Within the central chamber corresponding to Da’at, the PCs will see the scene depicted on the cover: The two serpent statues have grown to an entwined, massive size, with glowing power emanating from it. Here, Belazeel, his bodyguard Jubal, his familiar and a fiendish giant spider ask for the final dance with the PCs, but after handling the adventuring group in #4, that should not be an issue. And it shouldn’t be. See, the PCs better hurry, for the Basilisk Shroud is torn, and sooner or later, the legendary Sorceress will emerge from the shroud. Turns out that the magical mirror the PCs found earlier may provide them just the angle to win here…considering that the dread entity is weakened: Her arcane power amounts to making force weapons and force bolts. No spells, no other unique tricks…which is rationalized with the prolonged imprisonment, sure. Yes, she is deadly. But the PCs have killed a dragon in this very adventure…which renders the final encounter sslightly anticlimactic. It’s a good two-phase boss battle, but in context, it does lose a bit of its impact due to what has gone before. A missed chance: Her HD do not represent her power and if the PCs think about sending her back (after all this build-up, they may well believe her to be far beyond their means to defeat!) into the shroud, the module does not account for such a smart decision.


Which brings me to my main gripe here: It boils down to kill this legendary entity. The PCs can’t really stack the deck in their favor before this encounter, which means that it’s quite likely that they’ll fight her on relatively fair terms (fairer terms than the dragon-encounter) and in the end, comment about how she was not all that powerful. If I may: A significantly more rewarding way of depicting her would be for the GM to allow the PCs access to the whole dungeon. They have explored and “learned” all those planar traits, so using them against the sorceress, going through the dungeon in reverse with snatched serpent statues to reseal her as she gives chase and promises power unimaginable, can make for a significantly more memorable scenario. Just give her a 3-round cool-down instead of bringing her out directly and let the statues revert. Sow hints for the like before and you’ll have taught the PCs not only that rollplaying does not always triumph, but you will have also engaged their faculties, rewarded their observation and diligence. And the reward will be an out-of-breath “We did it!” instead of a “And she was supposed to be that strong??” – the players in such a scenario will feel like they have played in the big league without diminishing the achievement of defeating the legendary BBEG. So yeah, the finale is solid, but it could have been easily a legendary one, considering the structure of the dungeon.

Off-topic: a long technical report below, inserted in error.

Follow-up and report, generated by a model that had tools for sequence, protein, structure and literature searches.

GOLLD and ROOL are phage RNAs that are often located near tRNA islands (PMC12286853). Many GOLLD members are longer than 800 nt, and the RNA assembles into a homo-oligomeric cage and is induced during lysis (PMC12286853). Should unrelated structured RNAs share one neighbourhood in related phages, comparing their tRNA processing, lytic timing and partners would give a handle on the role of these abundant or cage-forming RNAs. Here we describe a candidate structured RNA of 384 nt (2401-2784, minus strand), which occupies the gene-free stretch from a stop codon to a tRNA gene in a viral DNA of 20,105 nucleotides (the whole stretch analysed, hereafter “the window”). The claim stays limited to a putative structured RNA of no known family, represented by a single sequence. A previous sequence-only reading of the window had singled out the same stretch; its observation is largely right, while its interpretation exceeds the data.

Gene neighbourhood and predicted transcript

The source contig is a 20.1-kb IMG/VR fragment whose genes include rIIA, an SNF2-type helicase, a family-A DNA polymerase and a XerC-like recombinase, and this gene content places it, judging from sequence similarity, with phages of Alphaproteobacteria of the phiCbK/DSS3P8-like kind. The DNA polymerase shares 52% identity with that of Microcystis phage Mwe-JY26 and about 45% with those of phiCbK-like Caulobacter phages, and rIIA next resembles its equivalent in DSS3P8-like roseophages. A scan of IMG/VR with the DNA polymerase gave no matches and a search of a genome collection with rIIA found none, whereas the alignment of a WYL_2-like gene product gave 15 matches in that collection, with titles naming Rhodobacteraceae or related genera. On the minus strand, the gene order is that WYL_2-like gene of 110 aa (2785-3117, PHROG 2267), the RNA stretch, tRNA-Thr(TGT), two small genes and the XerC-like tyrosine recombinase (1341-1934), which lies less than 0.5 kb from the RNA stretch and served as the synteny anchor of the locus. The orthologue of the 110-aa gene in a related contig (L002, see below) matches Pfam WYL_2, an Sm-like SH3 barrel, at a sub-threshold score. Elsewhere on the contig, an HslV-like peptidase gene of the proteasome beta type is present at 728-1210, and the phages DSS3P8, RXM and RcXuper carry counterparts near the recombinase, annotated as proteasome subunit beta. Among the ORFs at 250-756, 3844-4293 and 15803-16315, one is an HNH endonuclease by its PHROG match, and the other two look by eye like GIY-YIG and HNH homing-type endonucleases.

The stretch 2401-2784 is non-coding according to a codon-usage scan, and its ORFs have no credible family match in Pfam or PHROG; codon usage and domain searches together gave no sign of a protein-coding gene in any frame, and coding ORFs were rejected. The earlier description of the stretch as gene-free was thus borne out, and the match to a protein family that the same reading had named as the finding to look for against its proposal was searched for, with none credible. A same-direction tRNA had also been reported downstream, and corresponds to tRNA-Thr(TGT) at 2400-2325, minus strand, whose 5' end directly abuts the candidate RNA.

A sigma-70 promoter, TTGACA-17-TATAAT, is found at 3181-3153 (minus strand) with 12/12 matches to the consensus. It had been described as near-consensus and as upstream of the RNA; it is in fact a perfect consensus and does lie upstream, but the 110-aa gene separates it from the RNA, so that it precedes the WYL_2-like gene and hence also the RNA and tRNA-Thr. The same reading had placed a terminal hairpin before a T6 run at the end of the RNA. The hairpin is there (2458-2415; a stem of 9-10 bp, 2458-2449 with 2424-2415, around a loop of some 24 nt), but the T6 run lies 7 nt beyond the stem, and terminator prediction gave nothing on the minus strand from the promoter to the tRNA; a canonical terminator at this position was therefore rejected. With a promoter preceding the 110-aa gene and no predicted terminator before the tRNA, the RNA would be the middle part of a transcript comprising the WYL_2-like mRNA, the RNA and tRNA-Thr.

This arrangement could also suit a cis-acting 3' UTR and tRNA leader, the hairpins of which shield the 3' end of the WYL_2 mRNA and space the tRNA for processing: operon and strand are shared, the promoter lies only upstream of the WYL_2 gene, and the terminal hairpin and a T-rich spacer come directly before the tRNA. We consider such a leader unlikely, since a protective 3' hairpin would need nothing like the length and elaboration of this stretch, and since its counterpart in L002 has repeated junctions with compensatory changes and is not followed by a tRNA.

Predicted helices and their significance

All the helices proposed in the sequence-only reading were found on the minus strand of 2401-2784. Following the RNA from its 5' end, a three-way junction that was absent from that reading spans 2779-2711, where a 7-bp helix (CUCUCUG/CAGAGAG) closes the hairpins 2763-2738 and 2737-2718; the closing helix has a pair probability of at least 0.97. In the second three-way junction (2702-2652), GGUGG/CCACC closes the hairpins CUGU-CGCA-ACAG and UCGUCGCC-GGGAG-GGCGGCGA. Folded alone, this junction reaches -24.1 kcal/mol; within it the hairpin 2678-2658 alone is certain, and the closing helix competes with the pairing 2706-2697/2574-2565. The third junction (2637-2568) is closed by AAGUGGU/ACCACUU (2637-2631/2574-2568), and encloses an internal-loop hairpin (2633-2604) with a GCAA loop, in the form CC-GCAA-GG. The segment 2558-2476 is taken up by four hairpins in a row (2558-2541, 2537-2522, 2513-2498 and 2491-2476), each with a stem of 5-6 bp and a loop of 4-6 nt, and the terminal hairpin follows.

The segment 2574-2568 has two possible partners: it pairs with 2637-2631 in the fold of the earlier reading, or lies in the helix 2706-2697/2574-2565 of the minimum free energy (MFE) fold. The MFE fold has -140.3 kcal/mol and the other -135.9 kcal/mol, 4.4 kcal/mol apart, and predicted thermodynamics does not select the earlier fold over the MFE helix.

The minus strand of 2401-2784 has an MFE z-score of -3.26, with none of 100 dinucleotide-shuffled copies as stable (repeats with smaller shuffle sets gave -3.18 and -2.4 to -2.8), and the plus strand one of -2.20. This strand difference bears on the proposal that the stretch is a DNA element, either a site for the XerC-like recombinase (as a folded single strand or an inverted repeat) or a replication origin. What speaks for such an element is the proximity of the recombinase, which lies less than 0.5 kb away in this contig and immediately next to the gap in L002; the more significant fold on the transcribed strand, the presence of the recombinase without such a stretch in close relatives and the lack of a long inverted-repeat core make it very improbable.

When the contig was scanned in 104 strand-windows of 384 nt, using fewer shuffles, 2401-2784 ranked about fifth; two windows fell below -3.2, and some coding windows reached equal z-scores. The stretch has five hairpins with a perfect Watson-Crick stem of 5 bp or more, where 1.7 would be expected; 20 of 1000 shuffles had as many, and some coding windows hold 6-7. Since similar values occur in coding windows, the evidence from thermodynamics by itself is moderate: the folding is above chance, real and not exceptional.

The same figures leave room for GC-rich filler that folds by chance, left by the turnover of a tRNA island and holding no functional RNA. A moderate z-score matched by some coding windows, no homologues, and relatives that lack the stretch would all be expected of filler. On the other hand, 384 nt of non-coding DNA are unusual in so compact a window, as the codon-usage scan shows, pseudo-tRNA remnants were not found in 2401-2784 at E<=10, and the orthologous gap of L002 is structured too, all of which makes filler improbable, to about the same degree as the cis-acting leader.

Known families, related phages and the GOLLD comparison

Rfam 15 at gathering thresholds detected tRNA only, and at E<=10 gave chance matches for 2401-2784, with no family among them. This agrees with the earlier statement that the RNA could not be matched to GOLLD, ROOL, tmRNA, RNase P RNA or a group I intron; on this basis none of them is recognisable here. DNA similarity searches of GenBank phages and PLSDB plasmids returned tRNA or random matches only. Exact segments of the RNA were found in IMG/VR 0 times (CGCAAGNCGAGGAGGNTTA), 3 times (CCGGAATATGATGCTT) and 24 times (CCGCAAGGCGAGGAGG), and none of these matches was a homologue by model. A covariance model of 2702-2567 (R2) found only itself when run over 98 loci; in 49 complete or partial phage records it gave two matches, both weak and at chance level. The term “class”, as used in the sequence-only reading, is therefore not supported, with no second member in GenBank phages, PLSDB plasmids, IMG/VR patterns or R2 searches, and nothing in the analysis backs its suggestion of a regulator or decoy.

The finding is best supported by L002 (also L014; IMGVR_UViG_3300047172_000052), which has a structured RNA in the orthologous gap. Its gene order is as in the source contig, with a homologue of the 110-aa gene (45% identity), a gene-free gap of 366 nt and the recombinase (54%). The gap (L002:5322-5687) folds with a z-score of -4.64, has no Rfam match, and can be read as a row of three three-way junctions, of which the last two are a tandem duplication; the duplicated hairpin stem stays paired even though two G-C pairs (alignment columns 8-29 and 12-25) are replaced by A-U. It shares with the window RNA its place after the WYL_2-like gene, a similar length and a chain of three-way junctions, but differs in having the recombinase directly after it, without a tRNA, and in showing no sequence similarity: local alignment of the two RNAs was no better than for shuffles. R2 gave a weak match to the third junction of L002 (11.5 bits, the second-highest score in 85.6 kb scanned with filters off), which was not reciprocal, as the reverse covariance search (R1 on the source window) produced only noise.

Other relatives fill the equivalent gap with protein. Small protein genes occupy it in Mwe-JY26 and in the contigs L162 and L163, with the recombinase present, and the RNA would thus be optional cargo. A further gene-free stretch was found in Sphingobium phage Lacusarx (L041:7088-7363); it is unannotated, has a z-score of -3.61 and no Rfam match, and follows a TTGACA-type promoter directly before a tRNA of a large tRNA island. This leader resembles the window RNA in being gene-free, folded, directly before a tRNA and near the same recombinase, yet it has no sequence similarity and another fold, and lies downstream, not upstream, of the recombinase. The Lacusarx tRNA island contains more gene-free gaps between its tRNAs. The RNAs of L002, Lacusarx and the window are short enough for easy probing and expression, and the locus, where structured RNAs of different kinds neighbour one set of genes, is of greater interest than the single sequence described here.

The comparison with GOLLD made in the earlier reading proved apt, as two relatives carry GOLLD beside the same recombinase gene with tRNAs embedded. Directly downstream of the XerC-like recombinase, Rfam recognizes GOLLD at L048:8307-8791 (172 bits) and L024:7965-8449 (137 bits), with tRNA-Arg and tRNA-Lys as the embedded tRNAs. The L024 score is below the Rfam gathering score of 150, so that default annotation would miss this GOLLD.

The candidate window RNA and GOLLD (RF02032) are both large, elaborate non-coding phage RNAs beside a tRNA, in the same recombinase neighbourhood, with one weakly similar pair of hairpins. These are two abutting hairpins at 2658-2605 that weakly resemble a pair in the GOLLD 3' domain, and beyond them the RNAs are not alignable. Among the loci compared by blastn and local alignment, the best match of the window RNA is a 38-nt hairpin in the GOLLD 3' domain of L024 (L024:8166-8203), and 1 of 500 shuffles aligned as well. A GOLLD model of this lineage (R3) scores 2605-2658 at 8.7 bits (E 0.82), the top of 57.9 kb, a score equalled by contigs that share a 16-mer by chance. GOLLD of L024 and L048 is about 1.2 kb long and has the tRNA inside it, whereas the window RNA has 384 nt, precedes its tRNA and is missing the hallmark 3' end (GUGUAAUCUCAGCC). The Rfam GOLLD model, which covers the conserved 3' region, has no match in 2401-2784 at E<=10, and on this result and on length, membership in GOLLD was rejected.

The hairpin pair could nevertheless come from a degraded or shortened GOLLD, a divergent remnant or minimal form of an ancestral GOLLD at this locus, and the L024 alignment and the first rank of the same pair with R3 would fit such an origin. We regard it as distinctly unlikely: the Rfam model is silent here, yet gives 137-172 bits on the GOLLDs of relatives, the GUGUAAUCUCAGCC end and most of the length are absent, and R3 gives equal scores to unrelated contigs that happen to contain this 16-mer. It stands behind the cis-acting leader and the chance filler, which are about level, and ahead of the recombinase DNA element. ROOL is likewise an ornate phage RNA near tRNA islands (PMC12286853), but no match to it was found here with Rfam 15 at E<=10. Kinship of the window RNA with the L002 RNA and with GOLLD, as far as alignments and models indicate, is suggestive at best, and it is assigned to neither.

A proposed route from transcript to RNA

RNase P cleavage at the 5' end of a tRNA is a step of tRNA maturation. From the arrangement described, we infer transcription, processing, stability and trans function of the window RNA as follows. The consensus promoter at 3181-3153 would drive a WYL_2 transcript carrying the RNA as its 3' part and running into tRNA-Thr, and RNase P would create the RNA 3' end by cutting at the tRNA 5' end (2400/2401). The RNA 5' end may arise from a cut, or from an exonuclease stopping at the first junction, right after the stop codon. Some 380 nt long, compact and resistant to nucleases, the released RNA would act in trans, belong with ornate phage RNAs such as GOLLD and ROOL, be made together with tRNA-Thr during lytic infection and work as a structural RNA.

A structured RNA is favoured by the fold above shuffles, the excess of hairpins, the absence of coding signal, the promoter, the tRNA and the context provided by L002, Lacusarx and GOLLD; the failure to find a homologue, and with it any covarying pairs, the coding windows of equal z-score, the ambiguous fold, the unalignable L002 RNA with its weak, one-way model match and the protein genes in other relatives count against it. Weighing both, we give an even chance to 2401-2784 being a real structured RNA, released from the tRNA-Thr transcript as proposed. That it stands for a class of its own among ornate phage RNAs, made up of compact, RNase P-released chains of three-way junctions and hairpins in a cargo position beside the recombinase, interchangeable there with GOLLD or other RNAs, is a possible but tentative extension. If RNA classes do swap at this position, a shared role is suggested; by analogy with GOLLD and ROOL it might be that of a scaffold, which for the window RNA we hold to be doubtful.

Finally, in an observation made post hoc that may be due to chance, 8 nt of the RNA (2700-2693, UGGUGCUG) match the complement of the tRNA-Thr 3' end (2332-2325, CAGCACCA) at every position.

Editing and formatting are good, I noticed no grievous glitches. Layout adheres to Legendary Games’ two-column full-color standard and the pdf sports nice full-color artwork and cartography. The pdf comes fully bookmarked for your convenience.


Paris Crenshaw’s finale of Trail of the Apprentice is very much a two-part affair: The first part in the underworld is solid, if not the most amazing excursion into the wondrous realms below. The planar overlaps steal a bit of the show that would usually be reserved to the unique environment. The section does not make much use of verticality, the presence of ceiling, etc. – it’s not bad, but it did not blow me away. The eponymous wizard’s dungeon, part II of the module, on the other hand, is pretty much one of the two most brilliant highlights in the whole series: The structure and themes of the dungeon are strong, the challenges diverse and the only other section that could stand up to it in the series would be #3’s excellent dungeon. The final boss fight is similarly a mostly rewarding experience, though one that, considering the amazing dungeon, feels a bit tacked on. Particularly experienced GMs may want to consider my suggestions above to add some oomph and gravitas to the proceedings. Heck, even new GMs may want to consider that – after all, modifying modules are a crucial GM-skill and if you’ve managed to get through #4, you’ll have at least a bit experience in that part.


From a structural point of view, the linear progression from Part I to Part II represent one weak point of the module…and as far as I’m concerned, I would have loved the evocative dungeon to get a bit more space (and less underworld-stuff), since it actually is really, really cool and since the underworld acts mostly as an XP and treasure-source. That being said, this represents a worthy conclusion for the series. It does not reach the level of amazingness it could have easily reached, but as a whole represents a fun, if not perfect end for the series. My final verdict will hence clock in at 4 stars.


You can get this nice module here on OBS!


While my review is based on the PFRPG-version, there is also a 5e-version that can be found here!


Want the whole series? You can find it for PFRPG here!


The whole saga for 5e can be found here!
Endzeitgeist out.